CFISD campuses earn all possible 2018 TEA distinction designations

October 11, 2018

CFISD campuses earn all possible 2018 TEA distinction designations
Principals representing the nine CFISD campuses that earned all possible distinction designations by the Texas Education Agency (TEA) pose together after the schools were recognized during the Board of Trustees meeting Oct. 8. The principals (from left) are Ana Martin (Cy-Fair High School), Jodi White (Arnold Middle School), Maria Mamaux (Aragon Middle School), Dr. Abe Lozano (Holbrook Elementary School), Connie Roberson (Wilbern Elementary School), Elizabeth Bradley (Pope Elementary School), April Wright (Lowery Elementary School), Heather Motzny (Sampson Elementary School) and Stacie Everson (Birkes Elementary School).

Oct. 10, 2018—Nine CFISD campuses were recognized for earning all possible distinction designations by the Texas Education Agency (TEA) during the Board of Trustees meeting Oct. 8.

The honored campuses were:

  • Birkes, Holbrook, Lowery, Pope, Sampson and Willbern elementary schools;
  • Aragon and Arnold middle schools; and
  • Cy-Fair High School.

Campuses that received an accountability rating of Met Standard are eligible to earn distinction designations, which are awarded for achievement and progress in the following areas:

  • Academic Achievement in English Language Arts/Reading;
  • Academic Achievement in Mathematics;
  • Academic Achievement in Science;
  • Academic Achievement in Social Studies;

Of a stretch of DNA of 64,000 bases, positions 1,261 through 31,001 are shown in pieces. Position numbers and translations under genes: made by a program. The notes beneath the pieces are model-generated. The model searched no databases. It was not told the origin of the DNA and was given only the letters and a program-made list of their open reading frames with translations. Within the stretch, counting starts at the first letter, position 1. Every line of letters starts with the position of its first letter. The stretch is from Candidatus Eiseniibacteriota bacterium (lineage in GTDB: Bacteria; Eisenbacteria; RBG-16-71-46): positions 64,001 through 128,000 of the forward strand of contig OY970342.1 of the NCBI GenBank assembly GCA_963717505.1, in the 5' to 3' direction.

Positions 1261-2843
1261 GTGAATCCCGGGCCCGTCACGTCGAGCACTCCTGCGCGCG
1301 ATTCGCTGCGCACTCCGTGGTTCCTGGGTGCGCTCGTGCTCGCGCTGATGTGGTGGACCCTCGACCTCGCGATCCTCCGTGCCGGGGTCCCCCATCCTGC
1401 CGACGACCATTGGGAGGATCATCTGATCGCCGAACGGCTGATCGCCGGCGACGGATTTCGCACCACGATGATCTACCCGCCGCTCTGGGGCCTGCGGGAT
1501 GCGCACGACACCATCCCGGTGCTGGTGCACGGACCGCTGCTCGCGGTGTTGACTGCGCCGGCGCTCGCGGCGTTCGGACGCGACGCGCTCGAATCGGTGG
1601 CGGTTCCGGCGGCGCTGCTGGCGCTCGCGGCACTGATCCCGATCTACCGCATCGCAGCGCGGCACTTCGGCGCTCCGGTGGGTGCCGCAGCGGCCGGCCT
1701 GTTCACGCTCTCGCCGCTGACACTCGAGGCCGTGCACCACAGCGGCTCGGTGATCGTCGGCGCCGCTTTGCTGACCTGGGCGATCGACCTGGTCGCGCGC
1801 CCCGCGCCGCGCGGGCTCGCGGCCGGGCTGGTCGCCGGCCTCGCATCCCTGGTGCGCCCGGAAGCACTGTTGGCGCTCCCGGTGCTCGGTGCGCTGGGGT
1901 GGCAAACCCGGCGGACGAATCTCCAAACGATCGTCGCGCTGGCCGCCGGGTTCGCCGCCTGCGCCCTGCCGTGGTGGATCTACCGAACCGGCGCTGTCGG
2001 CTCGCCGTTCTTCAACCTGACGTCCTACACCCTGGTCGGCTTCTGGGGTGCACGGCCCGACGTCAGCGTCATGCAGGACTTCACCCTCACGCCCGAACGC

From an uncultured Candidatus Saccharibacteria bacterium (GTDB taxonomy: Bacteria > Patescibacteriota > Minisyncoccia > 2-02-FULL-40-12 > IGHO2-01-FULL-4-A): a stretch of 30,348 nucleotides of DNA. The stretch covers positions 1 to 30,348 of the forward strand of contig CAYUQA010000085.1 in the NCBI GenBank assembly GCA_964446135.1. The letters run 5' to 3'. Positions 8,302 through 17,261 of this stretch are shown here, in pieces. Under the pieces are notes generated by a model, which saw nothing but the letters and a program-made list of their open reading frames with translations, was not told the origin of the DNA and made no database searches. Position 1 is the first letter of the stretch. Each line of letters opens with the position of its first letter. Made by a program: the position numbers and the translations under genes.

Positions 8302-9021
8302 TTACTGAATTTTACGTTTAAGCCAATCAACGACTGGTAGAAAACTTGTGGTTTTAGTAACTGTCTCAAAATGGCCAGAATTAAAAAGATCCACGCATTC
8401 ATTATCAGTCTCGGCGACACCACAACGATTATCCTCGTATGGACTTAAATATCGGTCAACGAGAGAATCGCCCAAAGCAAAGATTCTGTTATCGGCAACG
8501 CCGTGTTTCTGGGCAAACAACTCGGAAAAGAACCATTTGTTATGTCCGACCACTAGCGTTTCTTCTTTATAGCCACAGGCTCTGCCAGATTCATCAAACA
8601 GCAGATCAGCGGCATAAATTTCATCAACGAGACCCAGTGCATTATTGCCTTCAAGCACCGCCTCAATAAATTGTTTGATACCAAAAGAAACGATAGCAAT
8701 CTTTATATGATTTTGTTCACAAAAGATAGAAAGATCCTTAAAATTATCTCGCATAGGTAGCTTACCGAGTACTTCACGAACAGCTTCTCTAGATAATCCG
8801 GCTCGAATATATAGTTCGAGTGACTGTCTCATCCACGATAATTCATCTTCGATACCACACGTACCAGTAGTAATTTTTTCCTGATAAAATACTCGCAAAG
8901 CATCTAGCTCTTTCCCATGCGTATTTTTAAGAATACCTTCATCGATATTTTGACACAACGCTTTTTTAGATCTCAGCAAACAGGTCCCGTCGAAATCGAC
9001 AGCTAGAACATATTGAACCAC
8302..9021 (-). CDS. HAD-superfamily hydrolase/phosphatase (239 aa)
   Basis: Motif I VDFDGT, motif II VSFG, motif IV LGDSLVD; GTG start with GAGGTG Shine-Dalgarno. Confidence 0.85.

• Top 25%: Comparative Academic Growth;
  • Top 25%: Comparative Closing the Gaps; and
  • Postsecondary Readiness.

Each campus is assigned to a unique comparison group made up of Texas schools that are most similar to it. The groups are determined on grade levels served, size, percentage of students who are economically disadvantaged and mobility rate. It also includes the percentage of English language learners, students receiving special education services and students enrolled in an Early College High School program.  

A campus earns a distinction designation if it is in the top quartile of its comparison group for at least 33 percent (for high schools) or 50 percent (for elementary and middle schools) of the indicators used to award the distinctions.

Campuses earning one or more of these distinction designations met rigorous criteria to earn the highest level of recognition in the state accountability system.

“Congratulations to our campuses that earned distinctions designations,” said Dr. Linda Macias, CFISD associate superintendent of curriculum & instruction and accountability. “Earning one or more distinction designations is quite an accomplishment and should be celebrated. We are especially proud of our campuses who earned all of the distinction designations available to them and recognize the commitment of our administrators, teachers and the community to the success of our students. High expectations and an attitude of doing ‘whatever it takes’ is a common theme among these campuses.”

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